• Other neck-related or ‘cervicogenic’ headaches
  • Nerve injuries (from trauma or previous surgery)

How to prepare before the surgery?

It is important to inform the surgeon in case of the following:

  • Blood clotting or bleeding problems
  • Blood clots in your legs (DVT or deep venous thrombosis) or lungs (pulmonary emboli)
  • The patient is consuming warfarin, aspirin, or herbal supplements
  • High blood pressure
  • Allergies in past or present
  • Any other health problems

The recovery from surgery

Post-surgery, the wound on the chest is usually covered with a sterile dressing. The patient is advised to keep this wound covered for at least 3 days after the occipital nerve stimulation procedure. The back of the patient’s head will not be covered in any dressing as it does not stick to the hair properly.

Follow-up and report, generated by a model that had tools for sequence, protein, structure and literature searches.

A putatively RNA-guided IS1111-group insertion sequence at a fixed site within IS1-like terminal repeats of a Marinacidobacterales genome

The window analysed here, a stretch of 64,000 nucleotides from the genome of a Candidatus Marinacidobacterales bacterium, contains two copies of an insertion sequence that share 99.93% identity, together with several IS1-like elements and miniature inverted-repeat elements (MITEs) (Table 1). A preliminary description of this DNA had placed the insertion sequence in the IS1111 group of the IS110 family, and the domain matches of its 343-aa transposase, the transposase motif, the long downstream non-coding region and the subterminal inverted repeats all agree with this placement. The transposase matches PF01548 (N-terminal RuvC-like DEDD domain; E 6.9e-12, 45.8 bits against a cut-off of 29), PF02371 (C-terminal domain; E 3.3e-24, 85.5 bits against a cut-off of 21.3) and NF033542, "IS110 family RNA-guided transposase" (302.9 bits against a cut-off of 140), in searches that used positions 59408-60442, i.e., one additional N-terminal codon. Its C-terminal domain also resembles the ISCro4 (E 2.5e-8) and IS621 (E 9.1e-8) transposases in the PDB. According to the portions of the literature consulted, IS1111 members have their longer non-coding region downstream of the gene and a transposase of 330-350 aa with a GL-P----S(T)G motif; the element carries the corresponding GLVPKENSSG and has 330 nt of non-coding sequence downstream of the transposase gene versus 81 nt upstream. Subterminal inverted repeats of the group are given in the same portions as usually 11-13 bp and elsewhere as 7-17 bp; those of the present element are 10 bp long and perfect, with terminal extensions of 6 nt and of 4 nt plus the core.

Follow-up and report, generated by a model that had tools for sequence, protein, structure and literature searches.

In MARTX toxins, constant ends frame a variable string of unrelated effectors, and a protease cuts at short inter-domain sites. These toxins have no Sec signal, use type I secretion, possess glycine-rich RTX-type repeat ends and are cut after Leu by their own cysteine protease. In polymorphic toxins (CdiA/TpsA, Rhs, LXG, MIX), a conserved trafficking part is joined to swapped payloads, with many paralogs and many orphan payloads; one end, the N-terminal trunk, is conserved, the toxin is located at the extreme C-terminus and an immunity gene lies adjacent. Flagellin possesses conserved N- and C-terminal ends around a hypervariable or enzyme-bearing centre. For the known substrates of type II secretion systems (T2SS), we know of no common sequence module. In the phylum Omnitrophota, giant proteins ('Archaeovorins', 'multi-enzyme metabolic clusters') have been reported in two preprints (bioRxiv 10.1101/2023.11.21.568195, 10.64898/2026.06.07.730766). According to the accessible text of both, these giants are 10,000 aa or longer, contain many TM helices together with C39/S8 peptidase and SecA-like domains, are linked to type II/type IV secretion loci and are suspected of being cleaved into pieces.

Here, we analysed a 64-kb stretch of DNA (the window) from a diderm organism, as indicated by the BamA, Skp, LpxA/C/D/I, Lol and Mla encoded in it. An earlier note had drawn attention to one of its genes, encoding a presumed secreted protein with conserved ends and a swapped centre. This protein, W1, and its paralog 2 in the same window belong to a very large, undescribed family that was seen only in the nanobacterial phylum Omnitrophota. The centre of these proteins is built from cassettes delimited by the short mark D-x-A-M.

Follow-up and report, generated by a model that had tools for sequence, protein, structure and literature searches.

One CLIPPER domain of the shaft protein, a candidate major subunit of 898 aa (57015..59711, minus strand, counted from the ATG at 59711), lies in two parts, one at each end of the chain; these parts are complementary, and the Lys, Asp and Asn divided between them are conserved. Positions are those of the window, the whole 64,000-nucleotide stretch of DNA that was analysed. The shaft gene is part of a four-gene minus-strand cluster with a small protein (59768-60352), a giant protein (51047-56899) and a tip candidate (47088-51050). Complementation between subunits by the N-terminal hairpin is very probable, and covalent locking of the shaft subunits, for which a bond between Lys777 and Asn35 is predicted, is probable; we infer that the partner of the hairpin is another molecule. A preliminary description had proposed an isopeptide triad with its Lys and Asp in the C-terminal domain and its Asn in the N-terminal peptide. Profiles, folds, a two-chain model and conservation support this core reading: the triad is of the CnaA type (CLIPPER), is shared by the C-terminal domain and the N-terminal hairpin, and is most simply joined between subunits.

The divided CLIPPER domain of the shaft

The patient is allowed to take shower the next day after surgery. They should remove the dressing and then after a shower replace it with a new one.

Inspection of wounds is required to be done daily. This might need assistance to check the wounds at the back of the head.

If the patient notices any of the following, then it is important to call the doctor immediately:

  • Any clear, green, or brown coloured leakage from the surgical wound
  • Any high fever, more than 38.4-degree centigrade
  • Swelling or redness involving the skin around the wound or the wound itself
  • Pain near the surgical wound

Side effects and risks of Occipital Nerve Stimulator